Will the lunch hour soon go the way of carbon paper and the typewriter? It's possible, suggests a recent survey.
The poll shows the average time spent on lunch breaks is 40 minutes, well under the traditional hour. In fact, 27% of respondents said it was shorter compared to the length of their breaks three years ago.
The survey, developed by staffing service OfficeTeam, included responses from 100 executives with Canada's 1,000 largest companies, who were asked: What is the average length of your typical lunch break? The mean response was 40 minutes.
Survey respondents were also asked, "Are your lunch breaks longer or shorter than they were three years ago? Their responses:
Somewhat longer 5%
No change 68
Somewhat shorter 15
Significantly shorter 12
Liz Hughes, v-p of OfficeTeam, offers the following tips on how to break for lunch on your busiest days:
Set a schedule. Keep a running list of what you plan to accomplish in the morning, and what you will tackle in the afternoon. Make your lunch the break between the two sets of projects.
Be reachable. If you're worried about missing an important call or the chance to provide input on a critical project, ask a colleague to cover for you during your break. Carry a cell phone and let the person know when you plan to return.
Be practical. Limit stress by avoiding major traffic routes and crowded restaurants. Maximize your time by checking off something from your weekend to-do list. Use your break to visit the dry cleaner, buy a birthday gift or get your car washed.
First impressions count when interviewing for a new position -- and apparently so do second and third. In fact, 44% of advertising and marketing executives polled recently said candidates for staff positions typically participate in three job interviews before employment offers are extended. An additional 19% require four or more meetings.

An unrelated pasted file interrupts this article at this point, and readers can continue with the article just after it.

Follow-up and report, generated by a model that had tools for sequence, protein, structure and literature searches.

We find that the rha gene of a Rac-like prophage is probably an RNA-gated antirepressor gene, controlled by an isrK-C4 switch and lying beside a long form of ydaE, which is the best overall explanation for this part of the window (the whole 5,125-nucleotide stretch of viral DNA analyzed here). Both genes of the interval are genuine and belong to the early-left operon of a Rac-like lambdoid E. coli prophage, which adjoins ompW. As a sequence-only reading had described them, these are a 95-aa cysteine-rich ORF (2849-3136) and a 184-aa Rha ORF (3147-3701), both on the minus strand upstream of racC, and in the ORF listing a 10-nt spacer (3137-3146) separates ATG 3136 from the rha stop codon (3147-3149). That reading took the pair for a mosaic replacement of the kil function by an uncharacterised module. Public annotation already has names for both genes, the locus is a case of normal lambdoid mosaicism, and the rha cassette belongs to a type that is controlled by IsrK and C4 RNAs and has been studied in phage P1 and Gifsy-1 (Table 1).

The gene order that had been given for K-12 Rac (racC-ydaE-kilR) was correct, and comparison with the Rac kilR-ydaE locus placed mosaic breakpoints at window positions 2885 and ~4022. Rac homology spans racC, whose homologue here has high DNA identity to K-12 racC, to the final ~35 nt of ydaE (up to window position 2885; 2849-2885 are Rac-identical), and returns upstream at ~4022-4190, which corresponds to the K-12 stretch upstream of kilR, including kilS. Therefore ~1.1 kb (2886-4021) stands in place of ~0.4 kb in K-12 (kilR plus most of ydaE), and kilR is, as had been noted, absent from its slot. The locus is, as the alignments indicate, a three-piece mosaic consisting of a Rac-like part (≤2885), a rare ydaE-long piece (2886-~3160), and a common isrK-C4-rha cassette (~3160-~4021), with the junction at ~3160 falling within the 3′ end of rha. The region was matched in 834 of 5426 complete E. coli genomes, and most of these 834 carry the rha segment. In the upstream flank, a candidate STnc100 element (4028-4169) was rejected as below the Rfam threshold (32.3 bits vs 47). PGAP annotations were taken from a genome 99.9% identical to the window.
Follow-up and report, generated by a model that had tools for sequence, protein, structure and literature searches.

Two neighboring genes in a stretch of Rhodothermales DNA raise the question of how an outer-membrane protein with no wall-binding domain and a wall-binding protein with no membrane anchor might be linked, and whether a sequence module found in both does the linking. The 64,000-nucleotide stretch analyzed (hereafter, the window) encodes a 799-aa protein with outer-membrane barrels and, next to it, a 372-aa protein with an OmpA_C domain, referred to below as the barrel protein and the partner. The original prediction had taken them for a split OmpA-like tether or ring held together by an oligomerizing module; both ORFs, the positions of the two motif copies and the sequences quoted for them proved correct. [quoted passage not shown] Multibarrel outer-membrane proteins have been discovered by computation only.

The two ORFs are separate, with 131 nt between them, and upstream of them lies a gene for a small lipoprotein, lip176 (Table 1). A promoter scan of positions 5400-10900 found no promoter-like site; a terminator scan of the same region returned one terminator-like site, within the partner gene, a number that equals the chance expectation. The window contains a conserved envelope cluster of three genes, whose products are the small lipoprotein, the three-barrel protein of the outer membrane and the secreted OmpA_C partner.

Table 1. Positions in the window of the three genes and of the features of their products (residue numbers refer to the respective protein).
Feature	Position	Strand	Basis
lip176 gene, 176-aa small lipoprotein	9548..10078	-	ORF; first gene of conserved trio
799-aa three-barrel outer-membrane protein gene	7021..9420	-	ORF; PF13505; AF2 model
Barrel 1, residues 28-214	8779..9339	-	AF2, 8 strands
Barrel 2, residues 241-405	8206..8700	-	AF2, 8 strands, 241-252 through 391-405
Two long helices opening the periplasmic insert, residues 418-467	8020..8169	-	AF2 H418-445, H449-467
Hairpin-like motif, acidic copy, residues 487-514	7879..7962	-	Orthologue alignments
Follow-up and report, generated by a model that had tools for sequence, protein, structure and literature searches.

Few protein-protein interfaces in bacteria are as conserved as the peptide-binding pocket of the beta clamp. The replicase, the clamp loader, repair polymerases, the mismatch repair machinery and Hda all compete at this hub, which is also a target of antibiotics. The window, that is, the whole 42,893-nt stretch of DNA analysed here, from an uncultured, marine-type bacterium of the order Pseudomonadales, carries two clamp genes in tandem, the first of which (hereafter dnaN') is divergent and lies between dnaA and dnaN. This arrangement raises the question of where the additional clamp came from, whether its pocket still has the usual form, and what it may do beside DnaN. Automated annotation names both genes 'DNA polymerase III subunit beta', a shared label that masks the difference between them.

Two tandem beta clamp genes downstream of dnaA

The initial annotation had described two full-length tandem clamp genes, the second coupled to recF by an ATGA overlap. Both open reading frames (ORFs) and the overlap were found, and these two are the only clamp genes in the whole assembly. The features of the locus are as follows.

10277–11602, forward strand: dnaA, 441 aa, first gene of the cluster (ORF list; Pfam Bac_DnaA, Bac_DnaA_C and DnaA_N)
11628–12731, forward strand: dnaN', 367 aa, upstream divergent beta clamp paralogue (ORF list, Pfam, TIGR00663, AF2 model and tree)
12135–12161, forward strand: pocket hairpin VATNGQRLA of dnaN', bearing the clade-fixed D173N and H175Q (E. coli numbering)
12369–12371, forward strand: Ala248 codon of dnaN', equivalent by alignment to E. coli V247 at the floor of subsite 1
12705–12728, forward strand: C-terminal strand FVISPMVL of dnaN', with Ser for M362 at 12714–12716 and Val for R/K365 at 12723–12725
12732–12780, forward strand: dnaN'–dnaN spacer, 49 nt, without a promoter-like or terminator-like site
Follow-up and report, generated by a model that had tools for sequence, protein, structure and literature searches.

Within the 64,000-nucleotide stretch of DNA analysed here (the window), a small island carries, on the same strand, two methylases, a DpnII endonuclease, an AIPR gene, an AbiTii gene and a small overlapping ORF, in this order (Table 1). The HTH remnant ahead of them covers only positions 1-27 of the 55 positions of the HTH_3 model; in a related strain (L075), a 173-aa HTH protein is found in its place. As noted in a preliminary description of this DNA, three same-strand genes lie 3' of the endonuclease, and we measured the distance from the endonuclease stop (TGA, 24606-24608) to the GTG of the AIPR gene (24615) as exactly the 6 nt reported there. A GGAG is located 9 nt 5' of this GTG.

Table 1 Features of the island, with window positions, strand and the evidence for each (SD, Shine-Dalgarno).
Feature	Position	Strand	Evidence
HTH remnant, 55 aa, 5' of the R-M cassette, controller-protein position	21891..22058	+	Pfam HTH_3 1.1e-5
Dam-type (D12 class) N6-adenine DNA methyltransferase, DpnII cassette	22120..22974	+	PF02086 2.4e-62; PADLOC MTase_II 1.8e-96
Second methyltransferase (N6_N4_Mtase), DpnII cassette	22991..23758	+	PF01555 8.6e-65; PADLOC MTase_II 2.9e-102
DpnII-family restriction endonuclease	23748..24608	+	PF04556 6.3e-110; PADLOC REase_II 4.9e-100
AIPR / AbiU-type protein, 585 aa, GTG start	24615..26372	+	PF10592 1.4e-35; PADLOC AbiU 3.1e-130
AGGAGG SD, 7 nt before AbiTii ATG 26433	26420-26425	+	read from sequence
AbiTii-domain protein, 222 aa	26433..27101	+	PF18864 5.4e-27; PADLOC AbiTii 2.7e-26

The survey, developed by staffing service The Creative Group, was conducted by an independent research firm and includes 250 responses.
Advertising and marketing executives were asked, "How many times does your firm typically interview each candidate for staff positions before extending a job offer?"
Five to six .5
Seven to 10 .2
Don't know/no answer .1
Tracey Turner, executive director of The Creative Group, offers the following tips to help job seekers manage multiple interviews:
Address individual needs. Emphasize qualities that are apt to appeal to the interviewer.
Stay on message. While you want to target your remarks to each interviewer, be consistent in your comments on general topics, such as your career goals.
Try the mirroring technique. Using body language and a speaking style similar to that of your interviewer can help him or her feel more at ease in your presence, allowing for a stronger connection.
Meet in the morning. Scheduling meetings at the start of the day can be advantageous, since interviewers are less likely to be tired or distracted.
Say thank you. Get a business card from each interviewer so you can send a thank-you note.
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